“The first meeting this year demonstrated that the negotiation is on track to achieve the agreed milestones and objectives. We have already seen many areas of possible common ground,” the ADP Co-Chairs Jayant Moreshver Mauskar and Harald Dovland said in a joint statement.
“We hope that at this session, governments will build on these areas by engaging on topics where differences can be bridged and further enlarge common ground,” they said.
At a special interactive event on Saturday, June 8, the ADP co-chairs will hear proposals from observer organizations on bringing non-governmental actors into the process to contribute to collective action on climate change. Proposals are also welcome on how the 2015 agreement can catalyze such action by non-state actors.
People can participate in the event virtually via webcast from the website of the UN Framework Convention on Climate Change, UNFCCC, and on Twitter.
Meena Raman with the Third World Network said, “The gap between current pollution reduction pledges of rich countries and what science and historical responsibility requires is large – for the Bonn talks to be called a success we will have to see those targets go up.”
Lidy Nacpil is director of a regional alliance of peoples’ movements, community organizations, coalitions, NGOs and networks called Jubilee South – Asia Pacific Movement on Debt & Development. She says carbon offset markets, sometimes called cap-and-trade schemes, are not a solution to global warming.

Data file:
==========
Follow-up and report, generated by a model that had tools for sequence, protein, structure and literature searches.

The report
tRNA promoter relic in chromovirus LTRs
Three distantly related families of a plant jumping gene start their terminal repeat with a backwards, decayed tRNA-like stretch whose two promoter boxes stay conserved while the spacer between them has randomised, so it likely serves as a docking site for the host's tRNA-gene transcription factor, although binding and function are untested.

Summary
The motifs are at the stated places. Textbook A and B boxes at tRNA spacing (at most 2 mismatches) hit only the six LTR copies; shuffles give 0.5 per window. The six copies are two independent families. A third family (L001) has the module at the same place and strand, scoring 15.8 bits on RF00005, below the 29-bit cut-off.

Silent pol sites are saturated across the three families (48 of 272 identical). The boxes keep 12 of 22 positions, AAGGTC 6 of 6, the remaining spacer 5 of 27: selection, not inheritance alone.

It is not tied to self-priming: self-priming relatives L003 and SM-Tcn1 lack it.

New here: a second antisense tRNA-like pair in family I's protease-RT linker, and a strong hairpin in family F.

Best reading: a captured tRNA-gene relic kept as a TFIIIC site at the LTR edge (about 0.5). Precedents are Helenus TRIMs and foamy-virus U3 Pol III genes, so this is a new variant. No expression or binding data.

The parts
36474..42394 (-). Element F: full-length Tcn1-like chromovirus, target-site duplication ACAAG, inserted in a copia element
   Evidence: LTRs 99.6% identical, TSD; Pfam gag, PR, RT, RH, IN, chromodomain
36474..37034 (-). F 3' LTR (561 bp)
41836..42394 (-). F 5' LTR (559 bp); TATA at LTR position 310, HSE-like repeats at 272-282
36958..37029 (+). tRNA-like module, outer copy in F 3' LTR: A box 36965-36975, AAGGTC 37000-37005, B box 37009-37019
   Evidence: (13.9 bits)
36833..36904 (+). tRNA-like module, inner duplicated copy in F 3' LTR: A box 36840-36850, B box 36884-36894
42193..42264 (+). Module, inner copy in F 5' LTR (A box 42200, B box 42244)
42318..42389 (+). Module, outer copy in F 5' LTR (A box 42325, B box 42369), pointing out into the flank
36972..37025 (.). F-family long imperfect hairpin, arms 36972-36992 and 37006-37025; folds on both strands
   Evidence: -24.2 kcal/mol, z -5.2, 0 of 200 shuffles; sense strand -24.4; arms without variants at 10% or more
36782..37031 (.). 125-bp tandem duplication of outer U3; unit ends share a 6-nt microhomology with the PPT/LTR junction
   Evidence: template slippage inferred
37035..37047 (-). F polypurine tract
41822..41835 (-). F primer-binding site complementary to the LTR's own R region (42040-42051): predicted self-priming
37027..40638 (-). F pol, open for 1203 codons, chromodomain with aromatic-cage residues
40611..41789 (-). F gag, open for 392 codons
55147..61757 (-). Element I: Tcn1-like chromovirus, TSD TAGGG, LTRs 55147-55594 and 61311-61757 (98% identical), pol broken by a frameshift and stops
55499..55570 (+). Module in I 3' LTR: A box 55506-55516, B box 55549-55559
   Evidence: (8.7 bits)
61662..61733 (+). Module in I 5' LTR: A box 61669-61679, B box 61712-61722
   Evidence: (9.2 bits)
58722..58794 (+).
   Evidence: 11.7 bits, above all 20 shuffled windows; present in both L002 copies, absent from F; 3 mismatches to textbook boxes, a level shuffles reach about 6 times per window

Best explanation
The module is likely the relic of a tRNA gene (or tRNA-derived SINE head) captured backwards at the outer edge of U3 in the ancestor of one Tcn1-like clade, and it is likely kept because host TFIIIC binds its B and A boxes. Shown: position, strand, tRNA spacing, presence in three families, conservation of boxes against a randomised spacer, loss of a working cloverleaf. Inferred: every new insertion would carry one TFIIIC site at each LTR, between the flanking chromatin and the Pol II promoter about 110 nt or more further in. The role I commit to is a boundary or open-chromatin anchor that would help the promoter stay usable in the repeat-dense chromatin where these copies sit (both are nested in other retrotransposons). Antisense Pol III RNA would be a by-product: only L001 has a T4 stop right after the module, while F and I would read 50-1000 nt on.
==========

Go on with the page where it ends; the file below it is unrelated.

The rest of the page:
“Carbon offset markets have been a profound and shocking failure, that they continue to be on the table in these talks is deeply disturbing,” said Nacpil. “Governments in Bonn need to stop throwing good money after bad, and instead invest in meaningful projects that will actually drive a clean energy transition and produce real emission reductions.”
“Dirty energy and dirty money from big fossil fuel corporations have poisoned our communities and our collective decision-making for too long,” said Asad Rehman, head of international climate at Friends of the Earth England, Wales and Northern Ireland.
“The UN talks must kick-start the just transition to renewable energy globally, and stop the hand-out of tax payers’ money to dirty energy corporations. We need to see a real commitment from governments in Bonn to making that change if we are to stop the climate crisis,”
Today, the Bonn talks hosted a special session to investigate the assumptions behind developed countries’ climate pollution targets and whether these targets will do the job of protecting the planet.
Since the 2009 Copenhagen Accord that invited voluntary greenhouse gas reduction pledges, many countries have pledged to cut their greenhouse gas emissions or constrain their growth up to 2020. The question remains whether these pledges can achieve the 2.0 degree safe global temperature limit, or if there will be a gap between what is needed and what is expected as a result of the pledges.
Studies show that it is possible that developed countries are ‘pledging,’ but if all the potential accounting loopholes are allowed, there could be no climate action between now and 2020.
The Bonn talks continue through June 14. This is the final confirmed negotiating session before the annual United Nations climate summit is held in Warsaw, Poland, in November.